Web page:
She nodded, since she had moved too far away to answer without speaking too loudly.
But then they were together again, and he whispered, “So am I.”
They moved back to their original places and held still as a different couple began to process. Lucy looked up. At him. At his eyes.
They never moved from her face.
And even in the flickering light of the night-the hundreds of candles and torches that lit the glittering ballroom-she could see the gleam there. The way he was looking at her-it was hot and possessive and proud.
It made her shiver.
It made her doubt her ability to stand.
And then the music was done, and Lucy realized that some things must truly be ingrained because she was curtsying and smiling and nodding at the woman next to her as if her entire life had not been altered in the course of the previous dance.
Gregory took her hand and led her to the side of the ballroom, back to where the chaperones milled about, watching their charges over the rims of their glasses of lemonade. But before they reached their destination, he leaned down and whispered in her ear.
“I need to speak with you.”
Her eyes flew to his.
“Privately,” he added.
She felt him slow their pace, presumably to allow them more time to speak before she was returned to Aunt Harriet. “What is it?” she asked. “Is something amiss?”
He shook his head. “Not any longer.”
And she let herself hope. Just a little, because she could not bear to ponder the heartbreak if she was wrong, but maybe…Maybe he loved her. Maybe he wished to marry her. Her wedding was less than a week away, but she had not said her vows.
Maybe there was a chance. Maybe there was a way.
She searched Gregory’s face for clues, for answers. But when she pressed him for more information, he just shook his head and whispered, “The library. It is two doors down from the ladies’ retiring room. Meet me there in thirty minutes.”
“Are you mad?”
He smiled. “Just a little.”
He gazed into her eyes, and it silenced her. The way he was looking at her-
It took her breath away.
“I cannot,” she whispered, because no matter what they might feel for each other, she was still engaged to another man. And even if she were not, such behavior could only lead to scandal. “I can’t be alone with you. You know that.”
She tried to shake her head, but she could not make herself move.
“Lucy,” he said, “you must.”
She nodded. It was probably the biggest mistake she would ever make, but she could not say no.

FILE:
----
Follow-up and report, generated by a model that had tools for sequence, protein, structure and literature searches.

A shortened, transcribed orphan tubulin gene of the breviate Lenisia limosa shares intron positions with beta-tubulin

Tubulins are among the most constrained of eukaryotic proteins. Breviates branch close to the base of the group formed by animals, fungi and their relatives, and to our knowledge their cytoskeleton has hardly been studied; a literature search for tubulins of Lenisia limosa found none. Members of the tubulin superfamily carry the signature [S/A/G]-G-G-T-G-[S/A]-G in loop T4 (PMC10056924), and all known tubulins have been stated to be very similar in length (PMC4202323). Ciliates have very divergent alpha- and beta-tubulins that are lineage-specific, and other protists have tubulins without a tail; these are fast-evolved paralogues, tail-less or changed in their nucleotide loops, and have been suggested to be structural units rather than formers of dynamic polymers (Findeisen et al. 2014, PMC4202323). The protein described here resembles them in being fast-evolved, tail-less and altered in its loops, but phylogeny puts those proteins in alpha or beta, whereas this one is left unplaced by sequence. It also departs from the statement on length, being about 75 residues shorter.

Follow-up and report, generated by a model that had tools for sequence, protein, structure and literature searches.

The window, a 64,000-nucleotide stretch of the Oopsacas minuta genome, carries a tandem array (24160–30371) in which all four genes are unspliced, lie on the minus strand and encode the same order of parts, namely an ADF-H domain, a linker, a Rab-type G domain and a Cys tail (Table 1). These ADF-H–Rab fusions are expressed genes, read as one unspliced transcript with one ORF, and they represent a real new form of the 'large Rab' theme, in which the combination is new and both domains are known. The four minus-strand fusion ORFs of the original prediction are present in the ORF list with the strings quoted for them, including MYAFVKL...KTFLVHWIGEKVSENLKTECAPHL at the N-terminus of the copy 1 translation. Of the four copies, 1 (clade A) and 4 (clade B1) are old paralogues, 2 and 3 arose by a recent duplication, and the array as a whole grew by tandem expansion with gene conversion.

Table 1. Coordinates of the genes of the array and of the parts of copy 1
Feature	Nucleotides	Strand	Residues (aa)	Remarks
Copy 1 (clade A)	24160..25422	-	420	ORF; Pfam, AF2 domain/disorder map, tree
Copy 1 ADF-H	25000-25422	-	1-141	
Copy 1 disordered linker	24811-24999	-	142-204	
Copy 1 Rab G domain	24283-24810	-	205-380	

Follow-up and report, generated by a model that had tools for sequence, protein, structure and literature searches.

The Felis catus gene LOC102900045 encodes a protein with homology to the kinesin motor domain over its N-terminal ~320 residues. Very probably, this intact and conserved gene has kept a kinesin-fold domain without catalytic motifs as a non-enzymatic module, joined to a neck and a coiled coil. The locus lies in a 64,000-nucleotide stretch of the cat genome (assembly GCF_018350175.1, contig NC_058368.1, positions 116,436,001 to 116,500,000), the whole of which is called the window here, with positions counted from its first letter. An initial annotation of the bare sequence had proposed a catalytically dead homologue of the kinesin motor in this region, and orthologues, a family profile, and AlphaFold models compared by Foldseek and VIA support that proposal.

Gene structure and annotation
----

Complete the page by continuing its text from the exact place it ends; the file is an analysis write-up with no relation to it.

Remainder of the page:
“Mrs. Abernathy,” Gregory said, his voice sounding overly loud as he greeted her aunt Harriet. “I return Lady Lucinda to your care.”
Aunt Harriet nodded, even though Lucy suspected she had no idea what Gregory had said to her, and then she turned to Lucy and yelled, “I’m sitting down!”
Gregory chuckled, then said, “I must dance with others.”
“Of course,” Lucy replied, even though she rather suspected she was not wholly cognizant of the various intricacies involved in scheduling an illicit meeting. “I see someone I know,” she lied, and then, to her great relief, she actually did see someone she knew-an acquaintance from school. Not a good friend, but still, a familiar enough face to offer greetings.
But before Lucy could even flex her foot, she heard a female voice call out Gregory’s name.
Lucy could not see who it was, but she could see Gregory. He had shut his eyes and looked quite pained.
The voice had drawn close, and so Lucy turned to her left to see a young woman who could only be one of Gregory’s sisters. The younger one, most probably, else she was remarkably well-preserved.
“This must be Lady Lucinda,” the woman said. Her hair, Lucy noted, was the precise shade of Gregory’s-a rich, warm chestnut. But her eyes were blue, sharp and acute.
“Lady Lucinda,” Gregory said, sounding a bit like a man with a chore, “may I present my sister, Lady St. Clair.”
“Hyacinth,” she said firmly. “We must dispense with the formalities. I am certain we shall be great friends. Now then, you must tell me all about yourself. And then I wish to hear about Anthony and Kate’s party last month. I had wished to go, but we had a previous engagement. I heard it was vastly entertaining.”
Startled by the human whirlwind in front of her, Lucy looked to Gregory for advice, but he just shrugged and said, “This would be the one I am fond of torturing.”
Hyacinth turned to him. “I beg your pardon.”
Gregory bowed. “I must go.”
And then Hyacinth Bridgerton St. Clair did the oddest thing. Her eyes narrowed, and she looked from her brother to Lucy and back again. And then again. And then one more time. And then she said, “You’ll need my help.”
“Hy-” Gregory began.
“You will,” she cut in. “You have plans. Do not try to deny it.”
Lucy could not believe that Hyacinth had deduced all that from one bow and an I must go. She opened her mouth to ask a question, but all she got out was, “How-” before Gregory cut her off with a warning look.
“I know that you have something up your sleeve,” Hyacinth said to Gregory. “Else you would not have gone to such lengths to secure her attendance this evening.”
“He was just being kind,” Lucy tried to say.
“Don’t be silly,” Hyacinth said, giving her a reassuring pat on the arm. “He would never do that.”
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